2. In economically depressed regions. Low-income communities are rarely enticing options for opening new branches of commercial banks. As a result, depressed areas continue their downward spirals.
  3. In underprivileged and marginalized neighborhoods. As we have already discussed above, minorities (particularly African Americans and Hispanics) are increasingly likely to be underbanked, due in part to living in banking deserts.

Without a local branch to visit, unbanked and underbanked people have even less opportunity to address their financial disadvantages. Which just leaves them at a further disadvantage. Fortunately, change is on the horizon.

Recent Strides to Overcome Financial Inequity

The good news is that the importance of greater financial inclusion has been recognized by many as a problem worth fixing. Due to attention and concerted effort, financial inequalities are finally being addressed. In recent years, the financial technology industry, in particular, has made great strides in helping people seek financial equity. By helping financial service companies integrate the latest advancements in technologies, fintech has helped bring about several game changers.

In recent years, fintech has made strides toward:

  • Making banking more accessible – Digital banking and mobile banking solutions provide digital financial inclusion to those who live in banking deserts. Any smartphone user can now open a bank account and avoid paying interest and fees to payday loans, check-cashing services, and so forth.
  • Lowering barriers to banking – In addition to making it possible for more people than ever to open bank accounts, neobanks, or online-only banks, often offer accounts with no fees and minimum balances required to get started. That provides ways for even those in financially depressed and marginalized communities to get started saving money and building a credit score.
  • Expanding services to the underbanked – Thanks to advancements in fintech, users can have access to an expanded range of digital financial products and services, such as low-interest loans, money transfers, digital payments, investments, and savings accounts.

These products and services underscore the importance of financial inclusion for all and provide tangible steps toward making a difference.

Raiz Seeks Financial Empowerment for All

Here at Raiz, we understand that the journey of achieving financial success can look different for everyone. In fact, your goals are what motivate us, and we are here to help you take the next steps toward financial freedom.

The Raiz Approach

We are aware that financial exclusion only leads to negative results:

  • Decreased ability to earn and save
  • Inability to protect oneself or one’s family in times of crisis
  • Fewer pathways to long-term financial health and resilience.

On the other hand, we’ve seen first-hand how financial inclusion and free personal financial education can make all the difference. In fact, financial inclusion has a ripple effect. When individuals and families achieve greater financial health, it leads to good economic growth  for the entire community. The more financially free and economically empowered communities there are, the better the entire world will be.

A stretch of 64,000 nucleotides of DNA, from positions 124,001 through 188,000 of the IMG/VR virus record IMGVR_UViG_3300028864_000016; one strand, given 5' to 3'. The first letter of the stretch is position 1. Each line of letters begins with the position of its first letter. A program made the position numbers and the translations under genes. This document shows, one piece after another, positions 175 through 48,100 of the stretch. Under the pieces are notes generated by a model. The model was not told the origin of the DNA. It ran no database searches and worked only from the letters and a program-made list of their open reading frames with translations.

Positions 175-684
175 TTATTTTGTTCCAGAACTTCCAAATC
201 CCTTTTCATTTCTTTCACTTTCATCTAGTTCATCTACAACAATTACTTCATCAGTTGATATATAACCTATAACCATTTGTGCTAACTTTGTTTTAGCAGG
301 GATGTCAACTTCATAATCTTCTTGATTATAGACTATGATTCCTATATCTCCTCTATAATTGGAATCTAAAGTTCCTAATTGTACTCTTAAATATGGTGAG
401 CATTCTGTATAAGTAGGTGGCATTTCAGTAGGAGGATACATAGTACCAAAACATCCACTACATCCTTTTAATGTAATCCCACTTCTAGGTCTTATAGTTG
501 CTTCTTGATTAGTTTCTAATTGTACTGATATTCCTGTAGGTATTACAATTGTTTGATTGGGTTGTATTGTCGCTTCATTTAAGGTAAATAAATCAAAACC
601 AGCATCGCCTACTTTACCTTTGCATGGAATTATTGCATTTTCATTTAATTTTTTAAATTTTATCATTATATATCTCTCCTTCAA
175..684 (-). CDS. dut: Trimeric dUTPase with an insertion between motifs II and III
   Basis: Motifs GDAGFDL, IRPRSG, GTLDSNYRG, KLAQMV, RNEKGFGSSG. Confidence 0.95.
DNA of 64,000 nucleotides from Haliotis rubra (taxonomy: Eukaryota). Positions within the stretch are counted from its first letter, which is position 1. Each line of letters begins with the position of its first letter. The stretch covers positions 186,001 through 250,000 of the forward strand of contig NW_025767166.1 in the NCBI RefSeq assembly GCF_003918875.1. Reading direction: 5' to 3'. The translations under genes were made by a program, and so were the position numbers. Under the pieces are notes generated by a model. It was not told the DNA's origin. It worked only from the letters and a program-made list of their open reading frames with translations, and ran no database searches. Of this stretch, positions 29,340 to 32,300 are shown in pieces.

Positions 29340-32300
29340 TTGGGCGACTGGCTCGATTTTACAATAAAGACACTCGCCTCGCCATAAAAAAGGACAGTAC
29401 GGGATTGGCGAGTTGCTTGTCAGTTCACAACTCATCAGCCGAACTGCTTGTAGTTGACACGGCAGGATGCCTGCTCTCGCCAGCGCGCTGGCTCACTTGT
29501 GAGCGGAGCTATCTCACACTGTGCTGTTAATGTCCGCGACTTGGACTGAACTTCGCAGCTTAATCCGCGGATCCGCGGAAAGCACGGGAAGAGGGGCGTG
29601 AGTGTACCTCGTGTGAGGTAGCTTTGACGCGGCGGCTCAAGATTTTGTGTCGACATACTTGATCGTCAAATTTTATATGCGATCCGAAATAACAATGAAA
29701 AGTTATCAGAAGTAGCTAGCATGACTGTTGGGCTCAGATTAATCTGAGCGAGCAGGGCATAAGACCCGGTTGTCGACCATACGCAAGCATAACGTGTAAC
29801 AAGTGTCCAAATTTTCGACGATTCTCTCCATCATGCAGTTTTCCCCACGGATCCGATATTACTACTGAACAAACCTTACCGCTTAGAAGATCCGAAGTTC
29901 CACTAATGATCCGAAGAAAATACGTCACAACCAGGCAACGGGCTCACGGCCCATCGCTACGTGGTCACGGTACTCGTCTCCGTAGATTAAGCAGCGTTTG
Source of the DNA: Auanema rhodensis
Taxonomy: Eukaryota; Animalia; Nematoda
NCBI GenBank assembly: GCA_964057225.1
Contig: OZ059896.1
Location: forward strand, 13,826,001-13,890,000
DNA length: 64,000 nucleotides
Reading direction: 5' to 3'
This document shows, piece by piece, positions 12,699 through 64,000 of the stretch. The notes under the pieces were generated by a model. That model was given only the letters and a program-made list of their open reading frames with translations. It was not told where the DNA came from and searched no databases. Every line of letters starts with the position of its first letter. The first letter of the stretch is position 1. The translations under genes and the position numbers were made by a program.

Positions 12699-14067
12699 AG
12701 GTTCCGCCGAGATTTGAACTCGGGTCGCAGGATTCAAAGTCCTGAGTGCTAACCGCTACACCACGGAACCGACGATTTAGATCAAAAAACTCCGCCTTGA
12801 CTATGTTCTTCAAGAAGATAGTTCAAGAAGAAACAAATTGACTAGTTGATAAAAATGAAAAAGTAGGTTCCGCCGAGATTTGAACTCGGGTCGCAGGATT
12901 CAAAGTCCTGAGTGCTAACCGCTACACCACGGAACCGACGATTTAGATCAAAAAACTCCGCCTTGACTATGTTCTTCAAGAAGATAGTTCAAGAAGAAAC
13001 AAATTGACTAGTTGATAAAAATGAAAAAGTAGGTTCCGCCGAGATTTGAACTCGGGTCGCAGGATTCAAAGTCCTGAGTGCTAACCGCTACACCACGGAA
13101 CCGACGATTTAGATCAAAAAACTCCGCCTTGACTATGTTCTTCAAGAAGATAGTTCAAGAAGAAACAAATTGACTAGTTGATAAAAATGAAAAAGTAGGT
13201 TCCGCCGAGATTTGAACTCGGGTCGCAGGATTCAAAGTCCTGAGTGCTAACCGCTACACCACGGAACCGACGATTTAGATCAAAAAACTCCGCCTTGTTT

This isn’t just a theory. The data backs this up:

A recent analysis of multiple sources by McKinsey & Company estimates that promoting financial inclusion could translate into 4 to 6 percent higher growth in real GDP by 2028. (The Hill)

This is the future we’re working toward here at Raiz, and when we succeed, everyone wins. By weaving the values of Diversity, Equity, Inclusion, Belonging, and Accessibility (DEIBA) into our organization, we focus on empowering our community by breaking boundaries and realizing what’s possible for all we serve.

Our Proven Track Record at Raiz

Since 2019, Raiz, formerly TFCU, made it a point to incorporate DEBIA into its five-year strategic plan. This has helped us provide convenient, low-cost services to the surrounding communities, furthering their financial empowerment.

In accordance with these principles, we’ve partnered with organizations who share their DEIBA values, working closely with Ronaldo Hardy, CU Strategic Planning Chief People Officer and Owner. CU Strategic Planning has brought training, education, and certifications, to the Board of Directors, Senior Management, and employees.

Raiz has also been honored to have their DEIBA efforts recognized by Inclusiv—a network of community development credit unions that holds a mission of financial inclusion—as a credit union in the El Paso area with a Juntos Avanzamos designation. This award cited Raiz as a leader in serving and empowering Hispanic communities by providing safe, affordable, and relevant financial services.

Recently, Raiz FCU CEO and President Max Villaronga had the opportunity to speak with Experian about our credit union’s dedication to DEIBA. You can also learn more about our efforts in their article: How Credit Unions Can Improve Financial Inclusion.

Here at Raiz, we believe a credit union can help provide financial education and assistance in financial health to everyone within a community.  Feel free to check out our various financial education courses—there is helpful information for every stage of your life.

The importance of financial inclusion is a principle behind all we do, and we look forward to serving you. Come learn more about who we are and consider becoming a member today.